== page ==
Millennials Are Social Liberals, Fiscal Centrists


Reason-Rupe has a new survey and report out on millennials—find the report here

Millennials aren't liberals; they are social liberals and fiscal centrists. And it's largely social issues driving the distance between millennials and Republicans.

Traditional ideological labels don't allow millennials to distinguish their positions on social tolerance from those on economics. But when given the opportunity, millennials do distinguish between the two.

Fully 62 percent of millennials identify as liberal on social issues. While considerably less—49 percent—indicate they are liberal on economic issues. In other words, the average millennial is a social liberal and a fiscal centrist.

Millennials Agree More with Obama on Social Issues than Economics

Interestingly, millennials see themselves as closer to President Obama on social issues, but not so much on economic issues. (Find more in-depth graphics here). When millennials indicate how they perceive President Obama's positions on economic issues alone, they see him as considerably further left than themselves. But on social issues, they see the President as having more similar views to their own.

The survey also asked millennials to indicate where they saw former Secretary of State Hillary Clinton's positions on both economics and social issues respectively, as well as Gov. Chris Christie, Sen. Rand Paul, and the Republicans in Congress.

Millennials actually see themselves as closer to Gov. Chris Christie, a Republican, on economic issues, but closer to Hillary Clinton, a Democrat, on social issues. (Even still, they are likely voting for Clinton).

Social Issues Driving the Distance Between Millennials and Republicans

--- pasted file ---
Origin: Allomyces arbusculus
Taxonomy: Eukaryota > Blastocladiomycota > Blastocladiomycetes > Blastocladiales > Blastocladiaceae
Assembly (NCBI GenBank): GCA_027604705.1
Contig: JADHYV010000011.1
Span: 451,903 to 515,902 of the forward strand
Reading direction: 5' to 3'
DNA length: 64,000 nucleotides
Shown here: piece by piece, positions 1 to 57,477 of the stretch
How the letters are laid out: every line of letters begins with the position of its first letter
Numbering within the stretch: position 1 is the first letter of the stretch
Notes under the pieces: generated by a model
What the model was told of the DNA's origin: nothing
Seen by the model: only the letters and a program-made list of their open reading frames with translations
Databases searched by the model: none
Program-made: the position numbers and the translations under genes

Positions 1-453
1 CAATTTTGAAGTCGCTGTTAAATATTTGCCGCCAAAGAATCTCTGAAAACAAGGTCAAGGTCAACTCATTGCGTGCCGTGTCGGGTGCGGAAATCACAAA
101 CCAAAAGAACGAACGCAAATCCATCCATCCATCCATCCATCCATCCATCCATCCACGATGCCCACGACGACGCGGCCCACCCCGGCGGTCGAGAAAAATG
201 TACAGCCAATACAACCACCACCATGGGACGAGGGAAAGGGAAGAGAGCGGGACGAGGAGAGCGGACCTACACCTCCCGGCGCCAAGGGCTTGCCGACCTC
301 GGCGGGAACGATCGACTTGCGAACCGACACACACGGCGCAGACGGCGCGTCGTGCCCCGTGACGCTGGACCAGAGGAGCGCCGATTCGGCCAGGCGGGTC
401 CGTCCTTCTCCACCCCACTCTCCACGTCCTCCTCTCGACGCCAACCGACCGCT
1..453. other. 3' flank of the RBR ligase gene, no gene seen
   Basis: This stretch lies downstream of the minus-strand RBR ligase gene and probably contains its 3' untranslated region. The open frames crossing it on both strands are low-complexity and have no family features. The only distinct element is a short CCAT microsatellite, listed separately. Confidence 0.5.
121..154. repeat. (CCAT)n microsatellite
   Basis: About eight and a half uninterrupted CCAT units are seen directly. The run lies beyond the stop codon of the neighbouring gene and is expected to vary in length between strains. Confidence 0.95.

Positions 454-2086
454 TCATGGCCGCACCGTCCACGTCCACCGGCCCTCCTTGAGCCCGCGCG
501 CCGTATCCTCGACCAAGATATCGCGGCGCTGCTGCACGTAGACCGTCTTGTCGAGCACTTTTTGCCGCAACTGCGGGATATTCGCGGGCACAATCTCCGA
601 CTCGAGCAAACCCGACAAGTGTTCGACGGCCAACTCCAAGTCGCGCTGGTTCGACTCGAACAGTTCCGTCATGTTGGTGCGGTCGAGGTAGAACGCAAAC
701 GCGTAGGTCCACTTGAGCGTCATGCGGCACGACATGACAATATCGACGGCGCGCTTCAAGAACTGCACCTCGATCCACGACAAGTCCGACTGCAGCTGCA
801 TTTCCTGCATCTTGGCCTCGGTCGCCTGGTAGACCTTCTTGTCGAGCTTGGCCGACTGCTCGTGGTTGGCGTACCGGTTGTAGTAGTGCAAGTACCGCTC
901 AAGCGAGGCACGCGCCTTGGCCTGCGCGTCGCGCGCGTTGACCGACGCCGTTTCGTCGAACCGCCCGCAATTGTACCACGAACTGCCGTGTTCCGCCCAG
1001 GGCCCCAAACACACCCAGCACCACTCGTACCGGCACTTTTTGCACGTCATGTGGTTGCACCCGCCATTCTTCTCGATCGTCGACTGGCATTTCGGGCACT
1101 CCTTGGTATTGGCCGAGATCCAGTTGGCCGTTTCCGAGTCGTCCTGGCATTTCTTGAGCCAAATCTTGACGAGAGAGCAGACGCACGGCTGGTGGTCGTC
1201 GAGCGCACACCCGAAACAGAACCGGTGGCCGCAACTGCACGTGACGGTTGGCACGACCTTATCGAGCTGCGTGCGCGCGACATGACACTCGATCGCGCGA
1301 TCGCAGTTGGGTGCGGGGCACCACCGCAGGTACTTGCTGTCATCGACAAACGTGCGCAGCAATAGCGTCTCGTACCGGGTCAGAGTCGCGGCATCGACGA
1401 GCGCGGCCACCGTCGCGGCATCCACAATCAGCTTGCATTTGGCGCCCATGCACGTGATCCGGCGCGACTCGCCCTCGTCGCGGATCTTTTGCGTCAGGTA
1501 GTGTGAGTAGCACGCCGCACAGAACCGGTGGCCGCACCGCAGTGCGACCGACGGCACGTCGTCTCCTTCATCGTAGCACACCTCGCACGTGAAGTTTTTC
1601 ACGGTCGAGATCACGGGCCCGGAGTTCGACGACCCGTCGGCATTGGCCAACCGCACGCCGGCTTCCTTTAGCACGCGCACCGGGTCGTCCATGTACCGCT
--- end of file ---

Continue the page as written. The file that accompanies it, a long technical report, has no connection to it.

Young Americans also perceive themselves as right in between (equidistant) Hillary Clinton and Sen. Rand Paul, a Republican, on economics, but closer to Clinton on social issues. They feel furthest from Republicans in Congress on both social and economic issues, but primarily social.

Overall, millennials are indeed closer to Democrats than Republicans, but social issues are driving this distance. If only economics divided the political parties, millennials would find themselves right in the middle. However, factoring in their social issue positions, millennials move into the Democratic camp. It may be that social issues explain why millennials have increasingly abandoned the GOP in presidential elections since 2004 (see Pew's chart here).

This can be demonstrated using the following chart that plots where each millennial respondent saw themselves on social issues (horizontal axis) and economic issues (vertical axis) respectively. (kdensity plots found here).

(The chart above is somewhat analogous to a Nolan Chart that divides and then plots public opinion on a two-dimensional chart representing preferences for both economic and personal freedoms.)

Mapping millennials' ideological preferences demonstrates several things:

  • First, millennials don't fall into the traditional left-right mold of American politics. A considerable number see themselves as socially liberal and economically conservative (17%) and some as socially conservative and economically liberal (6%).
  • Second, the millennials' center of gravity is socially liberal and fiscally centrist.
  • Third, social tolerance issues, not economics, are primarily driving the distance between millennials and Republicans.

A cluster analysis which finds natural groups of respondents found the following: The largest group was of social liberals who were moderately liberal on economic issues (Grey-28%), followed by left liberals (Blue-18%), centrists (Purple-17%), right conservatives (Pink-14%), libertarians (Green-12%), social conservatives who were moderately conservative on economic issues (Magenta-8%), and communitarians (Orange-4%).

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To learn more about millennials, check out Reason-Rupe's new report.